Parents at a Scarborough school are being urged to look out for symptoms of a Victorian disease that two pupils have been diagnosed with.
Gladstone Road Junior School has confirmed two pupils have contracted the disease as it makes an startling comeback across the UK.
The primary school, in Wooler Street, is urging parents to be vigilant and mindful of symptoms.
Headteacher Keith Wright said: “There is two confirmed cases. It’s a low number for the size of the school but we are being proactive in informing people so they can be aware. It is precautionary.”
The school has informed parents of the confirmed cases and has provided information and advice.
Mr Wright added: “The message was to advise parents so they can look out for any symptoms and they can act on them.
“We want to raise awareness so people can be vigilant.”
Of more than 800 pupils, only two have been confirmed to have contracted the disease.
The symptoms of scarlet fever include a sore throat, headache, high temperature ( 38.3C/101F) or above ), flushed face and swollen tongue.
The distinctive pink-red rash develops 12 to 48 hours later.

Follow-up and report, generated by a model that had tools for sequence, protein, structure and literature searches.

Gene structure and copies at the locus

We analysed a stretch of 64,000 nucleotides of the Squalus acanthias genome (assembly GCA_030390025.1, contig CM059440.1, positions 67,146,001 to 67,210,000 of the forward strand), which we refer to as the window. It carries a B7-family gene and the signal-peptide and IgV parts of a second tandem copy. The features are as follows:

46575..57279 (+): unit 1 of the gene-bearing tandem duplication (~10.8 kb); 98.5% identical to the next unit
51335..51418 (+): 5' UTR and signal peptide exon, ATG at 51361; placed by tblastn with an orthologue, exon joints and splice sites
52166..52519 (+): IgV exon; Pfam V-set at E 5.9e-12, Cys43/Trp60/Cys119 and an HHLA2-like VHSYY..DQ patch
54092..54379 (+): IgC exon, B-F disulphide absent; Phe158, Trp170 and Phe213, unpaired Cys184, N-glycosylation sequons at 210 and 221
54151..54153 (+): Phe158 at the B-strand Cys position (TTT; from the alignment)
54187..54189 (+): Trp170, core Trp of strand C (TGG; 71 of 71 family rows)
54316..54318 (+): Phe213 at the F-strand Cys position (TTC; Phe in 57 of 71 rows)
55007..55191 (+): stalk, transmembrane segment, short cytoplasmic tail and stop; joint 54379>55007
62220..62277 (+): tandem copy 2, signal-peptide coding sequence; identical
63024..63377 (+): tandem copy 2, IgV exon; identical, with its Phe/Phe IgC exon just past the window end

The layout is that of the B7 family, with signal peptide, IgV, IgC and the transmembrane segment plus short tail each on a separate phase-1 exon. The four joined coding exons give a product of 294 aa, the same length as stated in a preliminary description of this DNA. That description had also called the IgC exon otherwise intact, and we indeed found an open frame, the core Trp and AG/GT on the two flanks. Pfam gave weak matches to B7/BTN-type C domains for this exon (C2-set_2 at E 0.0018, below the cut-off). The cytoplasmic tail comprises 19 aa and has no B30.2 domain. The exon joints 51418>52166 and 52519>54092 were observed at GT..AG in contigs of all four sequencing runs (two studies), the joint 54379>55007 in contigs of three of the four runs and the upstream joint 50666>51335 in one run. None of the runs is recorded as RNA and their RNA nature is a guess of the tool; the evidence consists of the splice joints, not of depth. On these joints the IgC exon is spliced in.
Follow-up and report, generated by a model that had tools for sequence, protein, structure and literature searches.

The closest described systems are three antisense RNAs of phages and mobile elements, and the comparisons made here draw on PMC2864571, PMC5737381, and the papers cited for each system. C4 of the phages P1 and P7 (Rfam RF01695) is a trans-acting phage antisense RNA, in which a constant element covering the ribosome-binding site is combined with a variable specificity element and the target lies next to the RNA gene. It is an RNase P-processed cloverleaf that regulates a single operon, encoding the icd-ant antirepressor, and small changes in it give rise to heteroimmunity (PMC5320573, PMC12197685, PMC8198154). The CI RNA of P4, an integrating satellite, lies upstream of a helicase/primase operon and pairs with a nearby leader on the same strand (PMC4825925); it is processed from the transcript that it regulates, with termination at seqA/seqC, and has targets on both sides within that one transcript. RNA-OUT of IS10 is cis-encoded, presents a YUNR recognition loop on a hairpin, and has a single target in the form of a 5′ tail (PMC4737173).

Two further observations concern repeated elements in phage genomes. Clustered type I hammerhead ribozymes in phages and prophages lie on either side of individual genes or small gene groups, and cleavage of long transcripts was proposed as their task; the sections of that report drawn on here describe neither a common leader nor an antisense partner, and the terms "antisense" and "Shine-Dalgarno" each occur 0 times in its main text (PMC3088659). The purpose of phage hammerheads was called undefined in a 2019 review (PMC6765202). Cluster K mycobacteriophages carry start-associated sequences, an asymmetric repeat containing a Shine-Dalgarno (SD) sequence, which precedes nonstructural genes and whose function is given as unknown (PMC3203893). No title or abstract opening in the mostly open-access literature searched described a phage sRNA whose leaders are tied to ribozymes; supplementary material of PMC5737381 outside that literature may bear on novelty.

Outbreaks have risen dramatically with 6,157 new cases confirmed since September according to Public Health England.
As scarlet fever is highly contagious, children or adults diagnosed are advised to stay off school or work until at least 24 hours after the start of antibiotic treatment.
March and April are the peak time for the disease and it mainly infects children aged between two and eight.
Figures show that 17,586 cases were reported in England in 2015, the highest total since 1967, compared to just 1,678 in 2005.
Dr Theresa Lamagni, PHE’s head of streptococcal infection surveillance, said: “Parents can play a key role in recognising when their child needs to be seen by their GP.
“Early signs to look out for are sore throat, headache and fever with the characteristic pinkish/red sandpapery rash appearing within a day or two, typically on the chest and stomach but then spreading to other parts of the body. Individuals who think they or their child may have scarlet fever should seek advice from their GP without delay as prompt antibiotic treatment is needed.
“Symptoms usually clear up after a week and the majority of cases will resolve without complication as long as the recommended course of antibiotics is completed. “Potential complications include ear infection, throat abscess and pneumonia. Patients who do not show signs of improvement within a few days of starting treatment should seek urgent medical advice.”
Scarlet Fever was once a very dangerous infection, but has now become much less serious. Antibiotic treatment should be given to minimise the risk of complications.